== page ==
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Why Did Reconstruction Fail?

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Reconstruction is known as the period after the Civil war. The whole country was separated in two, people didn’t know what to do, the south was completely destroyed, and there were a lot of decisions to be made by the president. It lasted four years, and there was over half a million casualties between the union (North) and the confederate states (South). The north was declared the winner of the war after General Lee surrender in the Appomattox court house on April 9, 1865. The causes of the war was the secession of several southern states, they argued that it was up to them and it was in their rights to decide whether they should make slavery legal or illegal in their own boundaries. But the Union had other things in mind, the union wanted to decide whether or not the states were going to have slaves. This was just to make sure the country was equal on slavery and non-slavery on both sides, but states thought the union was abusing their power and being too strict on them, and that is when they decided to secede. The first state to secede was south Carolina, then they were followed by six other states, among those states were Florida, Texas, Georgia, Louisiana, Mississippi, and Alabama. These states got together and created the confederate states of America in February 4, 1861, and the president was Jefferson Davis, they also made a government similar to the one of the U.S. Constitution.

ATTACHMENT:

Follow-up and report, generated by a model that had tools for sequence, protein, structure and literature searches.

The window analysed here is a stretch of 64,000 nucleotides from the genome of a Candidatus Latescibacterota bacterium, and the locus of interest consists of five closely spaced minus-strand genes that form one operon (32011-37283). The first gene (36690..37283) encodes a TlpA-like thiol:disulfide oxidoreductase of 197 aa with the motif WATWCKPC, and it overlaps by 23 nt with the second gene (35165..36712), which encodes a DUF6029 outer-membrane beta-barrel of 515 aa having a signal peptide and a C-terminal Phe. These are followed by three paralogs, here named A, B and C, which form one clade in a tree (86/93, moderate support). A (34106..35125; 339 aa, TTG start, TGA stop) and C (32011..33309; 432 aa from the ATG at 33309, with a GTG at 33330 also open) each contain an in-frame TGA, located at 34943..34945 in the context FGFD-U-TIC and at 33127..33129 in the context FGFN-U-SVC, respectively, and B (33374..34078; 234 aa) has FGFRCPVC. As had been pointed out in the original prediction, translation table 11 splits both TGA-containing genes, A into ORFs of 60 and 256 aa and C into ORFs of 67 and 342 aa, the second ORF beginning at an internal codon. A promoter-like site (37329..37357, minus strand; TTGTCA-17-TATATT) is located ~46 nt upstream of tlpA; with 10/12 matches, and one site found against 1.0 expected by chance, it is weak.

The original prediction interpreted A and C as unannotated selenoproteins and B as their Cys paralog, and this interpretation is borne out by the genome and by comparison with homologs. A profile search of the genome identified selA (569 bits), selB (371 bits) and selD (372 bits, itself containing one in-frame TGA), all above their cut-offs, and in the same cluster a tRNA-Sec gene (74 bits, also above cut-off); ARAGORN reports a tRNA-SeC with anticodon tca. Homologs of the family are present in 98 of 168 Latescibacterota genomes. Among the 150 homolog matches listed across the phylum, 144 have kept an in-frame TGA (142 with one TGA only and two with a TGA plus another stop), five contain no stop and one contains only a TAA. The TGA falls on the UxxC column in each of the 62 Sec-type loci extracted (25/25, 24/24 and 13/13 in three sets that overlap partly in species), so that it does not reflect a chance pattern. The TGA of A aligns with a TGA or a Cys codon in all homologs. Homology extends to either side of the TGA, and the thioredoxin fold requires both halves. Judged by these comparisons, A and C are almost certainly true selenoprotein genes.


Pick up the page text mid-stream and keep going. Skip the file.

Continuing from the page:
After the war, President Abraham Lincoln’s main goal was to reunite the nation, restore, and heal the wounds that the aftermath of the Civil war had left behind. Many northerners were against the proposal that he made, to just let the south come back as they pleased because they thought it was unfair to not receive any kind of punishment for le...

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...conflicts between citizens just creating more internal separation of the nation.

Works Cited

History conection. (n.d.). History conection. Retrieved April 17, 2014, from http://www.thehistoryconnection.com/Reconstruction-Failure.html
Cassel, S. (2008, June 1). The Failure of Reconstruction. History conection. Retrieved April 18, 2014, from http://www.flamingnet.com/bookreviews/resources/essays_bookreviews/reconstruction.cfm
Kelly, M. (n.d.). Reconstruction. . Retrieved April 17, 2014, from http://americanhistory.about.com/od/reconstruction/a/Reconstruction.htm
Gordon, T. (2010, January 1). Reconstruction. The story of us. Retrieved April 17, 2014, from https://www.nmc.edu/tgordon/storyofus/hst112/1_reconstruction/index.html
Congressional Reconstruction plan. (n.d.). . Retrieved April 16, 2014, from http://en.cyclopaedia.net/wiki/Congressional-Reconstruction-Plan
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